Analysis: Whatever, whenever Federer decides, its up to him


If this really was it for Roger Federer at Wimbledon and no one knows for sure either way right now, not even the man himself then both he and his fans should take solace from this: He will be heading out on his own terms and still at an elite level. Just maybe not the exact terms and level he would prefer, given that he lost in the quarterfinals at the All England Club to someone new to Grand Slam success.

And if this wasnt it, if Federer does return to the site of eight of his 20 Grand Slam triumphs, then all the better for the sport.

His 40th birthday is a month from Thursday, and what matters the most at the moment is that he make his own choices, for his own reasons, on his own timeline. Well, with input from his coaches, his trainer, his agent, his family and whatever other opinions Federer values.

“Obviously, were going to speak a little bit tonight, depending on how I feel, then the next couple of days, as well. Then we go from there. Just see: OK, what do I need to do to get in better shape so I can be more competitive?” Federer said Wednesday night after exiting with a 6-3, 7-6 (4), 6-0 defeat against Hubert Hurkacz of Poland.


On Friday, Hurkacz faces Matteo Berrettini, and Novak Djokovic meets Denis Shapovalov. Only Djokovic has appeared in the Wimbledon semifinals previously.

“Im actually very happy I made it as far as I did here and I actually was able to play Wimbledon at the level that I did, after everything I went through,” Federer said. “Of course, I would like to play it again, but at my age, youre just never sure whats around the corner.” He doesnt know if hell enter Wimbledon again. He also doesnt think retirement is imminent.

Two years ago, Federer came as close as possible to his ninth trophy at the All England Club and 21st at any major, holding two championship points against Djokovic.

But Federer didnt convert either and ended up on the wrong end of a fifth-set tiebreaker. When he needed two operations on his right knee in 2020, what pushed him through the recovery was a desire to get back to his favorite tournaments grass courts.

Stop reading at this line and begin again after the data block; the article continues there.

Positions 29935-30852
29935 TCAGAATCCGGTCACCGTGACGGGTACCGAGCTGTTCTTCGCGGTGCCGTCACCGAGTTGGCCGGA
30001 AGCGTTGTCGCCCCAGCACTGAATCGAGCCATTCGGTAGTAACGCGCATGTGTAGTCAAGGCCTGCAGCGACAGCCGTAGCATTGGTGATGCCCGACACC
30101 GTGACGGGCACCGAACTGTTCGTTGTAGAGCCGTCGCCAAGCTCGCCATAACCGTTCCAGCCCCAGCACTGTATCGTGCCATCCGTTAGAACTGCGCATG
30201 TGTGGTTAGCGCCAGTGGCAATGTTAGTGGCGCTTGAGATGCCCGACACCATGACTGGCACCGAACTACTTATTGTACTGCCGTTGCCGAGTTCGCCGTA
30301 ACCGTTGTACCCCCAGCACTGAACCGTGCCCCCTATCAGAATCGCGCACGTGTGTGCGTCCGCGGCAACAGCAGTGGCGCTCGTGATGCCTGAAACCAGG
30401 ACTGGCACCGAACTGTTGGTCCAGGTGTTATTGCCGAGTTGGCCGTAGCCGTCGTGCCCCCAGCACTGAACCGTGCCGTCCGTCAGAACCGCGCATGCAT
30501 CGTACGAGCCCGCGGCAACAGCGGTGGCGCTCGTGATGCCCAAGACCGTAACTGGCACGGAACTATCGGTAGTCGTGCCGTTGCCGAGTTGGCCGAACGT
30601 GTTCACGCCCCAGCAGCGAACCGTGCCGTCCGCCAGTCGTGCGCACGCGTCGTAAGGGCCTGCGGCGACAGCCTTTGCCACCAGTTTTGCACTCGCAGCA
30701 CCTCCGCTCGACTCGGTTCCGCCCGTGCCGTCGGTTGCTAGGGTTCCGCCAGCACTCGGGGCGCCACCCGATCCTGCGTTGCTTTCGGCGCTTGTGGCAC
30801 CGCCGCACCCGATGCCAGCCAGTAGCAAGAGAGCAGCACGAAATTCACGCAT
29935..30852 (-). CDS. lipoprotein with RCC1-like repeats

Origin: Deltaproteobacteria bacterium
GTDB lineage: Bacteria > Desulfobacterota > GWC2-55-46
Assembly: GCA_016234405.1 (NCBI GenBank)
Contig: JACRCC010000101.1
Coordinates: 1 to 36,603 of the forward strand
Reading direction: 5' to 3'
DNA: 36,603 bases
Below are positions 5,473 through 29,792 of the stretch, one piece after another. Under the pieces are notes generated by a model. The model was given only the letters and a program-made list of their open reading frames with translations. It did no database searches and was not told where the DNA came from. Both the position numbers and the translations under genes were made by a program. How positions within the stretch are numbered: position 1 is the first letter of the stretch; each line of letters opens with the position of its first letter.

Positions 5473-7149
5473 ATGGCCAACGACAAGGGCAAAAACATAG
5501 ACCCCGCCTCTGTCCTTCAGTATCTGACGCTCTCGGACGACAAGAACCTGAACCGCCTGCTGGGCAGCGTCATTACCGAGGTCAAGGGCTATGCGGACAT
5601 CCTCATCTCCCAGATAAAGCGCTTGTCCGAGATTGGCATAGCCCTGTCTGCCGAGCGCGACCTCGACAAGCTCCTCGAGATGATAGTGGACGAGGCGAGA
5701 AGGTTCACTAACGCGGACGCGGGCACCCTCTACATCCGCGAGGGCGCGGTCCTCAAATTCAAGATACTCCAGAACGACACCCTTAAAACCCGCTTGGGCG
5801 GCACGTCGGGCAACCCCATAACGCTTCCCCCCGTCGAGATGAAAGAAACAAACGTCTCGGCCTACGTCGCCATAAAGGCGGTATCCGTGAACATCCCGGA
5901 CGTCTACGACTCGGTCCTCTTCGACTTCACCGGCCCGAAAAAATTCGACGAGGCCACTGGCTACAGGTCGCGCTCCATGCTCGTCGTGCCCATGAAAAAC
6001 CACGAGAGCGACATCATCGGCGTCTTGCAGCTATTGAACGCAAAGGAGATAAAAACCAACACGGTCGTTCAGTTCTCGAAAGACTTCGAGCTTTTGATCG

“You need a goal when youre going through rehab with what I did. You cant think of the entire mountain to climb as once. Youve got to go in steps. Wimbledon was the initial, first super step, if you like,” Federer said. “For me, now that thats over, youve just got to reassess everything.” Federer chats regularly with his team to figure out next steps. Where he should play. Whether his body needs rest. How he can improve. And so on.

Theres a lot to discuss, including if hell go to the Tokyo Olympics.

Whats not up for debate, and Federer doesnt hide it, is that he is not who he used to be. Of course not.

Still, he was good enough to be one of the last eight men standing of the 128 in the Wimbledon bracket.

“Clearly, theres still a lot of things missing in my game that maybe 10, 15, 20 years ago were very simple and very normal for me to do. Nowadays, they dont happen naturally anymore. Ive got to always put in the extra effort, mentally, to remind myself: Remember to do this or do that,” he said. “I have a lot of ideas on the court, but sometimes I cant do what I want to do. I think its a bit of a tricky situation, sometimes.” Whats not tricky: We shouldnt judge Federers choices about whether to walk away.

Andy Murrays situation is somewhat similar: Hes 34 and trying to compete after two hip operations.

His first singles appearance at Wimbledon since 2017 ended with a third-round loss. Afterward, he sounded glum.

Before Wimbledon, Murray was asked about Federers contributions to tennis. The answer veered to Federers future.

Murray, a three-time major champion, noted people have speculated for years about when Federer might be done.

“I dont quite understand because Ive experienced it myself just sort of why people want to always ask those question about when someone is going to finish. Hell do it when hes ready, Murray said. “I wish everyone would start, like, encouraging him to keep going and keep playing as long as he can, as long as his body can do it, because well miss him when its over.”

(Except for the headline, this story has not been edited by The Federal staff and is auto-published from a syndicated feed.)